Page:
This past weekend, I was finally able to escape the city and get my first glimpse of “real China.” As beautiful as Shanghai is, I was a little bit sick of the constant noise and shoving and rude behaviors. I threw caution to the wind and decided to sign up for a weekend hiking trip to Ling’An, which is in Zhejiang Province, southwest of Shanghai.

It’s about a four and a half hour drive by bus, and we left in the evening. Three hours passed by, and I really started sweating it. I had signed up for a mountain summit hiking trip—and there were still skyscrapers and neon lights and English translations everywhere. I was tired of looking out of the window and was almost about to doze off when I saw a huge black shape rise out of nowhere and then disappear. Then, another one appeared, and I realized that these were extremely oddly-shaped mountains, rising up in between commercial districts. The mountain ridges continued to multiply until they outnumbered the buildings, but we were still on a major highway, travelling through huge cities.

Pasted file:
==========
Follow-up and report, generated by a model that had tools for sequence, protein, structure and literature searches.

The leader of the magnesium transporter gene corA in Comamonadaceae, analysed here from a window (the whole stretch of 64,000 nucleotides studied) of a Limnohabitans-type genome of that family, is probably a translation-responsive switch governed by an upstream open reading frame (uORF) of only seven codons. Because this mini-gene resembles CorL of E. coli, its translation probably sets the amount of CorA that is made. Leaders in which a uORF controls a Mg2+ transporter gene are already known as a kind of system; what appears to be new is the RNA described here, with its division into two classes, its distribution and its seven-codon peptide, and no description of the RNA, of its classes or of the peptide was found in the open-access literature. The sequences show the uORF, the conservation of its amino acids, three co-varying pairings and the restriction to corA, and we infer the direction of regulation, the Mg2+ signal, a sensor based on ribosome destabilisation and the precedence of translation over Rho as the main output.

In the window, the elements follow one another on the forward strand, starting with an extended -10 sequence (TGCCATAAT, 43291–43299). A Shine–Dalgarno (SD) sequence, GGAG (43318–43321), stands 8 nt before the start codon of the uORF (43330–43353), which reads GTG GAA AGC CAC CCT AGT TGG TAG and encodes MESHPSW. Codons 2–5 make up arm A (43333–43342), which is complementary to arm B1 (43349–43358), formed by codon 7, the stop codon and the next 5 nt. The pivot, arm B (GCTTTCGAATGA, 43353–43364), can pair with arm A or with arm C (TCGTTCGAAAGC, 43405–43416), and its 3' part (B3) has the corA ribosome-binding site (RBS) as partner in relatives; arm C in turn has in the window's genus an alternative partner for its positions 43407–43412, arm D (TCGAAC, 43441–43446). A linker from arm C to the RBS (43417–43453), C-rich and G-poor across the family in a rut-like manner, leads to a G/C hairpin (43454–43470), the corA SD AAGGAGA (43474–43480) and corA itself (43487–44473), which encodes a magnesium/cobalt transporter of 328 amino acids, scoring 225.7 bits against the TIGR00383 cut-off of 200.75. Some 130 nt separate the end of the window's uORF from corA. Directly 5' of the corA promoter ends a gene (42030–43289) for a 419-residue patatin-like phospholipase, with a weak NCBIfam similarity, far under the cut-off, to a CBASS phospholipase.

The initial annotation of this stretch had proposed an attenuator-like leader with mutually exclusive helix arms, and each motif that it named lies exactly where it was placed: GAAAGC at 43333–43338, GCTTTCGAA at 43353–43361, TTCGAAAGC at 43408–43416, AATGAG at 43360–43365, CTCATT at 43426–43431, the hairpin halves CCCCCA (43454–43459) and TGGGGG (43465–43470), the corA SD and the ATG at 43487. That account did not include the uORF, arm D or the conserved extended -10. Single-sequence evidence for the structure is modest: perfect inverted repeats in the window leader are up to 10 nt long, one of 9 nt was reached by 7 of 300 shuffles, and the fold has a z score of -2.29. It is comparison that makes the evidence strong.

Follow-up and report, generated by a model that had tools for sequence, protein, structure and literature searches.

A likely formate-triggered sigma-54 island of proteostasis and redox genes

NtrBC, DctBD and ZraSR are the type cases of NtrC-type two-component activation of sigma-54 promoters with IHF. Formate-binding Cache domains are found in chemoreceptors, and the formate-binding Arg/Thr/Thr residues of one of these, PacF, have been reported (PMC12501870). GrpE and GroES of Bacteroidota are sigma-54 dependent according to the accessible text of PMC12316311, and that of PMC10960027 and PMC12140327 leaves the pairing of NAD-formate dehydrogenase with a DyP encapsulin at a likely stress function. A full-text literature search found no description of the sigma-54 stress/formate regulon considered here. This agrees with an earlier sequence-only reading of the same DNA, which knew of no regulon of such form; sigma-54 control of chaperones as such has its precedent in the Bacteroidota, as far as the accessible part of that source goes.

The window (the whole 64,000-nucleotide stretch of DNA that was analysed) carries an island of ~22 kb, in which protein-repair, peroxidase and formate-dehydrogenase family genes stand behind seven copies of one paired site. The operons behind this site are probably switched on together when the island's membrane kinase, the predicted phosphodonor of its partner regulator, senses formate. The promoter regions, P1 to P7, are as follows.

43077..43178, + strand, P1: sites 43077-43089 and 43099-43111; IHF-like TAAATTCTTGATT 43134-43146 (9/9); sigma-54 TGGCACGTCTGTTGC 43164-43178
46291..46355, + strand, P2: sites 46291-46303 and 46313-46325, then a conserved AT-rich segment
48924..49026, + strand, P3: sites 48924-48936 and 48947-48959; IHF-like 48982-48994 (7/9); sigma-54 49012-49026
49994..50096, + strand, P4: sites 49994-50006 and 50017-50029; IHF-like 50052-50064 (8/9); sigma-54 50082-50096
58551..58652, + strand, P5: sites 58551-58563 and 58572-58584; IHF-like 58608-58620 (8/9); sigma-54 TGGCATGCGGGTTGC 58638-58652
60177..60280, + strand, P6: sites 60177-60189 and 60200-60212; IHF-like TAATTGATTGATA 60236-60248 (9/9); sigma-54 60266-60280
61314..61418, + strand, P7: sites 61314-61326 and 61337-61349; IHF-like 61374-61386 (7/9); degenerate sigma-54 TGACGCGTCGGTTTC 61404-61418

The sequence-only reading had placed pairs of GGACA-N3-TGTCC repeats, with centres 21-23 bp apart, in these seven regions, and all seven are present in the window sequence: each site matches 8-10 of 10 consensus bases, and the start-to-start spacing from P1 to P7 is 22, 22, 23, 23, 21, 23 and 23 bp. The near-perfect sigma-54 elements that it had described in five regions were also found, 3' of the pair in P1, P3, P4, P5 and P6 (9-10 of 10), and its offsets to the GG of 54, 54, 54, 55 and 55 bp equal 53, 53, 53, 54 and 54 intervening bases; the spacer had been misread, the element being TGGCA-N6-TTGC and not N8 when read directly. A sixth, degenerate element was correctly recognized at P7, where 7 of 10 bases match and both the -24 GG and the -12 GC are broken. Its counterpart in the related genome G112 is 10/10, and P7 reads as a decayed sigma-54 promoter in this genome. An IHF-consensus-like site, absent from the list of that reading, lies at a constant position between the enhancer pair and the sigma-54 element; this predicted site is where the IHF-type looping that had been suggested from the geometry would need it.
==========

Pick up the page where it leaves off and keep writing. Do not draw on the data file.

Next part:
We finally turned off of the highway and drove through a large, modernized town until we took a small side road. The asphalt road turned into a one-lane road, and then a gravel road, and then a dirt road; we were in for a hair-raising, twisting drive straight up into the mountains. Even the small van had difficulty making it through some of the turns. It was nearly midnight, and the fog had settled in, so we only got glimpses of tall stone cliffs and mysterious mountain ridges.